I remember my early teen years as being lonely and a little boring. Being a homeschooled kid with very religious parents, I obsessively hid every part of myself that might have brought confrontation. Being in a hormonal frenzy, I remember reading erotica at night and getting off. A lot. Sex always was a taboo subject in my parents' home, we never actually had 'the talk'.

    I had two styles back then: hot topic goth and soft butch. I wore baggy men's clothes to cover my body; I've always been fat but I didn't like my curves. It was a few years later that I overcompensated for my lack of femininity by being overtly girly with everything I did.

    Coming out was a rollercoaster for me. Mostly everyone I know has been supportive, maybe because I never made that big a deal of being queer. My parents, as you can imagine, still give ne hell for it. I clearly remember my mom telling me after I'd come out that she didn't believe me, and that I was going to hell. I often wonder what would happen if she found out I converted to paganism, but that's another story for another day.

  9. Alexandra says:

    My coming out wasn't dramatic, either. I grew up liking boys and girls, but never mentioned it until high school when I admitted to my boyfriend at the time that I thought another girl was cute. He was bisexual, so he was totally cool with it. I never told my parents, and it wasn't until college, until I had my first real girlfriend, that I decided to say it. When I told my mother that she and I were "more than just friends", she said, "I know. You're into girls, we knew, you told us you were a lesbian when you were seven." !?!?!? I think my response was, "Oh, uh, ok then," and walking out. XD

    As a teen I HATED my body. I developed early, and have always been tall (I'm 6'1" now, might still be growing at 26!), so I stood out. Plus, I'm a chunky kid, and that was a source of deep depression for me. Only recently have I come to kinds like how I look, even if I am heavyset. Still trying to drop the weight, but for me now, not for what I want others to like.

    I never went to summercamp, but I did work at a Girl Scouts camp. Most of the staff were queer or queer-friendly, and the kids – oh, you can play spot-the-queer-child easily there. :) I had two of the older campers, approx 16 and 17, come out to me that summer, and I told them that it's perfectly normal, it's all about love, and love isn't wrong. Apparently the Girl Scouts organization and the girl's Catholic family didn't think so, so I'm not working there anymore. But I don't regret it – that girl heard the truth from me, and that's all that matters. :)

    Side note – said kid is now 18 and contacted me, saying how thankful she is that she met me. She'd going off to college and is already seeing a girl from there. :)

  10. Sarah says:

    1.) I had to start wearing a bra when I was about 10. I was mortified! I was always pretty chunky, so I had inferiority complex from a young age. I hated my body, but wasn't really willing to do a whole lot to improve on it. (Though in school wasn't hugely out of shape, due to gym class and walking to and from school. (or running from school when some of the worst female bullies would chase me. Luckly that was middle school and I lived down the street from school.) I started my menses at 12, again being mortified. Not so much the function of it, but the having to worry about regular changes, being smelly..the cramps…argh. lol.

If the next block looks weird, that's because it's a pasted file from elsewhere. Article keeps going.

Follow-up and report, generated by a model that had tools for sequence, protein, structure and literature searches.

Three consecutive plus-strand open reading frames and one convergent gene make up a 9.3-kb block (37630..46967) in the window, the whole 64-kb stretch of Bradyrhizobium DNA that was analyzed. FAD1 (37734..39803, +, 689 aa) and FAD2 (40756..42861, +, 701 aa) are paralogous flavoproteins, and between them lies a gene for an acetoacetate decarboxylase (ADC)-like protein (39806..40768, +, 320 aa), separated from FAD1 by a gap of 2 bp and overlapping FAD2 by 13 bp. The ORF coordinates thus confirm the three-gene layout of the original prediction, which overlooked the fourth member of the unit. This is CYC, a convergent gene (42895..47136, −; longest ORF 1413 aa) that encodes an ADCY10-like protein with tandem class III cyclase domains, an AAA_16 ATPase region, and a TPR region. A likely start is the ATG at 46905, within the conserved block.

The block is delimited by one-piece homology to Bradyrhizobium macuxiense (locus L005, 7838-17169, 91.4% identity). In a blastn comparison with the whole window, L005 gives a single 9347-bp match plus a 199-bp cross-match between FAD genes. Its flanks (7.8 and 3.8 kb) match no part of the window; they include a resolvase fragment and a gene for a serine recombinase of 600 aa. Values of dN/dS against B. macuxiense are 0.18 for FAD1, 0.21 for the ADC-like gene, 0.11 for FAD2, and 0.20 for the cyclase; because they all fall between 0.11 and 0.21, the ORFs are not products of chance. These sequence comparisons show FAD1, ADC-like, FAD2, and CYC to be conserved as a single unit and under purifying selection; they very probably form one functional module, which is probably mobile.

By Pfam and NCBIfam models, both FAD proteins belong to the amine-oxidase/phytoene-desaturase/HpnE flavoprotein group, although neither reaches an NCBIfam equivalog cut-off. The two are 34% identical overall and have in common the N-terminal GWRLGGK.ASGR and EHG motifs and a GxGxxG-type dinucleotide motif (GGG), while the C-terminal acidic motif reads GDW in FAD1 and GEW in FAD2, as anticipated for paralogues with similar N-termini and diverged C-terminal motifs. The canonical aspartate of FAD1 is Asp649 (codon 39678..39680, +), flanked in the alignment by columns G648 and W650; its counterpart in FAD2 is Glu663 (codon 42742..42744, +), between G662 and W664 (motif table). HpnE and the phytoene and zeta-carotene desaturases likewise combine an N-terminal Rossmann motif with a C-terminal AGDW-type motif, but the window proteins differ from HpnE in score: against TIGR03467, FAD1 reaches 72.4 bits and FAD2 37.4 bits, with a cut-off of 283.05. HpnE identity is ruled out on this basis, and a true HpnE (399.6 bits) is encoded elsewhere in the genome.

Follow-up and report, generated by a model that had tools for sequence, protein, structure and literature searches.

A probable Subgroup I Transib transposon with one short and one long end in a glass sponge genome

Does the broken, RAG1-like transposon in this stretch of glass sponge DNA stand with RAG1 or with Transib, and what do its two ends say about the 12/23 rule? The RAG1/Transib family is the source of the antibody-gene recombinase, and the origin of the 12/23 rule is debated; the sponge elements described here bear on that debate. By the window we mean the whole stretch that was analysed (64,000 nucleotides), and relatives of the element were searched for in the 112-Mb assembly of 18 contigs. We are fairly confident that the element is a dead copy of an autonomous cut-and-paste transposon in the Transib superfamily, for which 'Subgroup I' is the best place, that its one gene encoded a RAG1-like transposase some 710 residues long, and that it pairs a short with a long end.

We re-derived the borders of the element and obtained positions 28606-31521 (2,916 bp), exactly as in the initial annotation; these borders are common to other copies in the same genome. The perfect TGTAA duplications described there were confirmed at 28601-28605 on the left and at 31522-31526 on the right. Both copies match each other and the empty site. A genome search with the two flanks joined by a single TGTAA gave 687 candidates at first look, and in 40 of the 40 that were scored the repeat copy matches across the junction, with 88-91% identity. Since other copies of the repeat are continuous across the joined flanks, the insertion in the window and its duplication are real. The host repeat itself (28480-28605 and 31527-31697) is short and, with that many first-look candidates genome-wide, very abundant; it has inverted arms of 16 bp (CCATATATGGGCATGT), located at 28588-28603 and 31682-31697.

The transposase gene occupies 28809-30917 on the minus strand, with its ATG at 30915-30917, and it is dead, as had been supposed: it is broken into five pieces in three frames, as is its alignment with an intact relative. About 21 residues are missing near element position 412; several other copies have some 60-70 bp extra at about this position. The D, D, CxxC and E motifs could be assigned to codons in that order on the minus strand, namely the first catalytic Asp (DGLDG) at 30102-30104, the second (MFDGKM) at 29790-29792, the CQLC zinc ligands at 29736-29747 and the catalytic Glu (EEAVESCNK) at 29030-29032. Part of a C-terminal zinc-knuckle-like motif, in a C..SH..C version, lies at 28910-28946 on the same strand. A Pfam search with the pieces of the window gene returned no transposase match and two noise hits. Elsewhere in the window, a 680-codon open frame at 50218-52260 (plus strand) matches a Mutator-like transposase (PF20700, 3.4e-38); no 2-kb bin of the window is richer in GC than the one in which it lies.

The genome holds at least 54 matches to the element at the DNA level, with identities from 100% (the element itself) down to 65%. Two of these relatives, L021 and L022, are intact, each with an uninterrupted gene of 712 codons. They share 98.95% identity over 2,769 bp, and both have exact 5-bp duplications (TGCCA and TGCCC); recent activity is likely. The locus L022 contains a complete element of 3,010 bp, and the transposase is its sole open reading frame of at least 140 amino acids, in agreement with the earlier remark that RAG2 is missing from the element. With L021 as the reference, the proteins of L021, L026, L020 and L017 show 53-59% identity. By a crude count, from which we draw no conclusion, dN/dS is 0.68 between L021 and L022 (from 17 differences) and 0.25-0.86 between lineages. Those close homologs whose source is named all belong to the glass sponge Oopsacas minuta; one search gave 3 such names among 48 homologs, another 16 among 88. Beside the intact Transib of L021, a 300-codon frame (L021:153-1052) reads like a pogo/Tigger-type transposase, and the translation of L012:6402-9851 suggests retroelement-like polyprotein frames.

2.) I came out twice. the 1st time when I was 21, and the 2nd, a few weeks ago. lol. (I'm 34.) Now, the 1st time…I came out as bisexual. I had a couple (minor now that I look at it now.) crushes on coworkers and acquaintences, most of them femme types. And I still liked males (and was totally boy crazy in my teens! But anyways, my family reacted in a predictable but annoying manner: "Oh she'l grow out of's just a phase" Grrr. Granted…sometimes it is just a phase, but I really wish people wouldn't say that. It made me feel like my feelings weren't valid. Even if it was a phase, that doesn't make it any less frustrating nor confusing. So, even after I came out….I never did anything about my attraction to women. I think I was afraid to. I found (and still do!) both men and women to be confusing..but in some ways, I felt it was easier dating men, and besides that's where most of my attraction was. Slowly though, into my 30's there was a shift. I had joined a website with quite a few Butch Females And Trans Males, and found myself attracted to quite a few. So did research, and felt that I could handle being involved with ethier. LOL. The Gods have a fucked up sense of humor. Because my attraction to Bio/Cis gendered.) males started drying up. That really knocked me for a loop. So, all this had been boiling for a while, and I finally had to come out (again.) So far, only told my father and one of his sisters. (Whom I am sure sooner or later tell the other sister.) Both reacted neutrally. I asked my dad recently whether or not he was suprised, and he said that while he wasn't expecting it, it didn't surprise him ethier. He figured that I had finally worked thru where I am at, and that other then being concerned about society's anti gay thing, he is okay with it. And I think, (with exeption of 1 brother) that the rest of my family will react virtually the same way. Most of my family is fairly liberal. Most of my friends are from the Pagan,Kinky or LGBT communities, and are fine with my being Queer.

    3.)Summer Camp…lol 1 summer before 2nd grade went to the day camp program at the Y. I suspect it was so I wasn't underfoot, with my family trying to pack up and move. The other that even comes close, is the week long 5th grade camp. Do those count? During the summers, I ethier hung out with friends, or did chores for money (2 dollars a day if I cleaned up the living room and kitchen. Woohoo. lol.) Or I read and watched tv alot. Later on, in my HS years, I had summer jobs at a day camp for special needs kids.